5. Basic Versus Applied Research
While rarely explicit, the suggestion is often made that much of industrial research, especially the research conducted by the larger companies, can appropriately be designated as basic research. In a gross sense at least, this view must be rejected. Industrial R & D in 1961 was predominantly develop- ment (seventy-eight percent) and applied research (eighteen percent), with basic research accounting for only four percent of the total (Nelson et al., 1967, p.55). Although large firms are more apt to sponsor basic research than their smaller rivals, major in-house basic research occurs in only a few industries: eighty-three percent was attributable to six industries, with four of these (chemicals, electrical equipment and electronics, aerospace, and petroleum) accounting for over seventy percent (Nelson et al., 1967, p. 56). This raises again the science based exception question considered above.
Lest the tail wag the dog, one should, presumably, regard arguments that favor big business on account of differential basic research propensities with caution. This is not to say that the argument lacks merit in certain of the science based industries which, as pointed out above, have had a dispropor- tionate impact on twentieth-century life .styles. But the argument does not appear to warrant great weight when applied across the board; a discriminat- ing attitude with respect to basic research is thus indicated. Even within the science based subset, giant size is not clearly required.
The study by Mansfield and Hamburger of the R & D programs of twenty- two major firms in the chemical and petroleum industries bears on this matter. They found that although the “largest firms in the sample devote a larger proportion of their R & D budget to more basic, more risky, and longer term projects than their smaller competitors … the differences between the largest firms and firms one-half their size are seldom large, if they exist at all” (Mansfield, 1969,p.71). 9 Thus, even in industries which , in a comparative sense, are known to direct a high percentage of R & D expenditures to basic research, giant size does not appear to favor basic research support of unusual proportions.
6. Large, Complex Versus “Normal” R & D
The romantic notion that the large industrial research laboratory is typically engaged in basic research on major new product developments is frequently buttressed by claims that the imperatives of modern technology are such as to leave little opportunity for any but the very large firms to con- duct research on the requisite scale.125 126 The argument, apparently, is that the so-called chemical exception is becoming the rule. Although there may be some tendencies in this direction, these appear to be limited rather than general and, even where observed, are gradual. For those who take the posi- tion that the near term future is apt to be a simple extrapolation of the past, there appears to be little reason to expect that the relations reported above will soon be drastically upset.
There are, nevertheless, projects the size and complexity of which require unusual research resources. Examination of military and space R & D suggests that great absolute size may be necessary to support much of this research (Nelson et al., 1967, p. 53) — although a case can be made that some of this bigness is attributable to the choice of inferior research and contracting practices by the military services (Kaysen, 1963; Williamson, 1967). If, however, the prevailing approach to military R & D is taken as given, great size may be necessary adequately to support military R & D efforts. Private R & D also, occasionally, involves “complex multi- component systems or complicated chemical processes” for which great size is important (Nelson et al., 1967, p. 53).11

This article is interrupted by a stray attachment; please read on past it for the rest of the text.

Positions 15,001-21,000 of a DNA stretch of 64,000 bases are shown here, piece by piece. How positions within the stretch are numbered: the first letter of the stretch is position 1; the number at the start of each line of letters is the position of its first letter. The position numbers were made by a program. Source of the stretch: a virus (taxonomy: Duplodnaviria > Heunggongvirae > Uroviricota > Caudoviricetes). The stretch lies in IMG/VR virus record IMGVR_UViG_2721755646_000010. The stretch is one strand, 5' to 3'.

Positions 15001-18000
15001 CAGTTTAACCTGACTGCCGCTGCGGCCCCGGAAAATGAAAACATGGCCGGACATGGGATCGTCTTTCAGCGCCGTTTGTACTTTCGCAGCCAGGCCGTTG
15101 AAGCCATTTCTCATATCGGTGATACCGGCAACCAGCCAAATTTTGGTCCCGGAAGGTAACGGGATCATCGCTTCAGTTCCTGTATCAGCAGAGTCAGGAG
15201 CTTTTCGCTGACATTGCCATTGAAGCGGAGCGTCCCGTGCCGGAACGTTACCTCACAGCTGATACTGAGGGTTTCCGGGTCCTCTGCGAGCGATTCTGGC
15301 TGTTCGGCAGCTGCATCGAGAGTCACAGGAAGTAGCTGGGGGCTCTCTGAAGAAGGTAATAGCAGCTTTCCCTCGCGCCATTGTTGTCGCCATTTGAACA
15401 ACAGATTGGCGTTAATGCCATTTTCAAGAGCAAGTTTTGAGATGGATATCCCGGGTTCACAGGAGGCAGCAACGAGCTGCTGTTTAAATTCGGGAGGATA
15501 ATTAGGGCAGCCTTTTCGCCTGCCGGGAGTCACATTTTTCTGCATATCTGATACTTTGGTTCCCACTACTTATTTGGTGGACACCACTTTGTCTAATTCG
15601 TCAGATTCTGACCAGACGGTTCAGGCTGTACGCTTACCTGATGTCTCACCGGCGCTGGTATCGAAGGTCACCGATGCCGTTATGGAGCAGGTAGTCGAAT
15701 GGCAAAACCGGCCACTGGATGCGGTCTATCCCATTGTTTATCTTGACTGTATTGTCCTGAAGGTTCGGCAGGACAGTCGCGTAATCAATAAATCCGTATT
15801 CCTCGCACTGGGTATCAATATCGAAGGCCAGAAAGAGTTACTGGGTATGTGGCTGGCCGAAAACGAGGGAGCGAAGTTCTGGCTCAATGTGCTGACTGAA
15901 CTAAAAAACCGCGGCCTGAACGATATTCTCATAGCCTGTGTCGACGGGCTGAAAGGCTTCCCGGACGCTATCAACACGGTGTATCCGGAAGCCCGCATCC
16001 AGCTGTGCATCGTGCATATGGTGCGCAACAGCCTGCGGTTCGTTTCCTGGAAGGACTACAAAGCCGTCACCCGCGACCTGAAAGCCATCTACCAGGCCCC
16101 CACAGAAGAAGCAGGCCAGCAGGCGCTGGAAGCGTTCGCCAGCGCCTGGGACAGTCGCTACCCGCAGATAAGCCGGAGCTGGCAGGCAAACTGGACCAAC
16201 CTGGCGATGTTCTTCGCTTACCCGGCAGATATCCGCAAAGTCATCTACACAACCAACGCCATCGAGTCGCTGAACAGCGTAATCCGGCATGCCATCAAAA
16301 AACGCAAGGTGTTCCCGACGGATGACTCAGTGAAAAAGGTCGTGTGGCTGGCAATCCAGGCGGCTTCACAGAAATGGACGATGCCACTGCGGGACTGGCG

One should take care, however, lest the argument be inappropriately generalized. Atomic energy and Apollo programs are exotic and conspicuous, but they are not really typical. It is, moreover, interesting to note that the Apollo program was conducted not by a single, integrated contractor but by a series of independent corporations coordinated by NASA.127 Although this may have been dictated partly by reasons of time pressure, the strategy can also be supplied with an underlying contractual rationale (Williamson, 1967). In any event, projects that require a large, complex R & D capability are less common in the private sector and would appear to constitute an identifiable subset — for which exceptions to the main argument may be necessary — rather than the general case (current or prospective).
7. Invention Versus Development
The distinction between invention and development in the treatment of innovation will be considered in greater detail in Section 4. Suffice it here to point out that while modest resources are frequently sufficient to support invention and even early stage development work (Jewkes et al., 1959, pp. 210- 212), later stage development often incurs much greater expense (Scherer, 1970, p. 356). Although giant size is rarely indicated on this account, large size may be. Individuals and small firms that engage in inventive and early stage development work may, therefore, eventually have to face the prospect of achieving large size if the innovation is to be brought successfully to completion. Firms that are already large and possess extensive research laboratories and supporting facilities presumably enjoy an advantage in the later stages. Thus, unless smaller firms can efficiently secure access — on their own or through market processes — to an equivalent capability, they may be deemed to experience serious innovative weaknesses.
Source: Williamson Oliver E. (1975), Markets and hierarchies: Analysis and antitrust implications, A Study in the Economics of Internal Organization, The Free Press.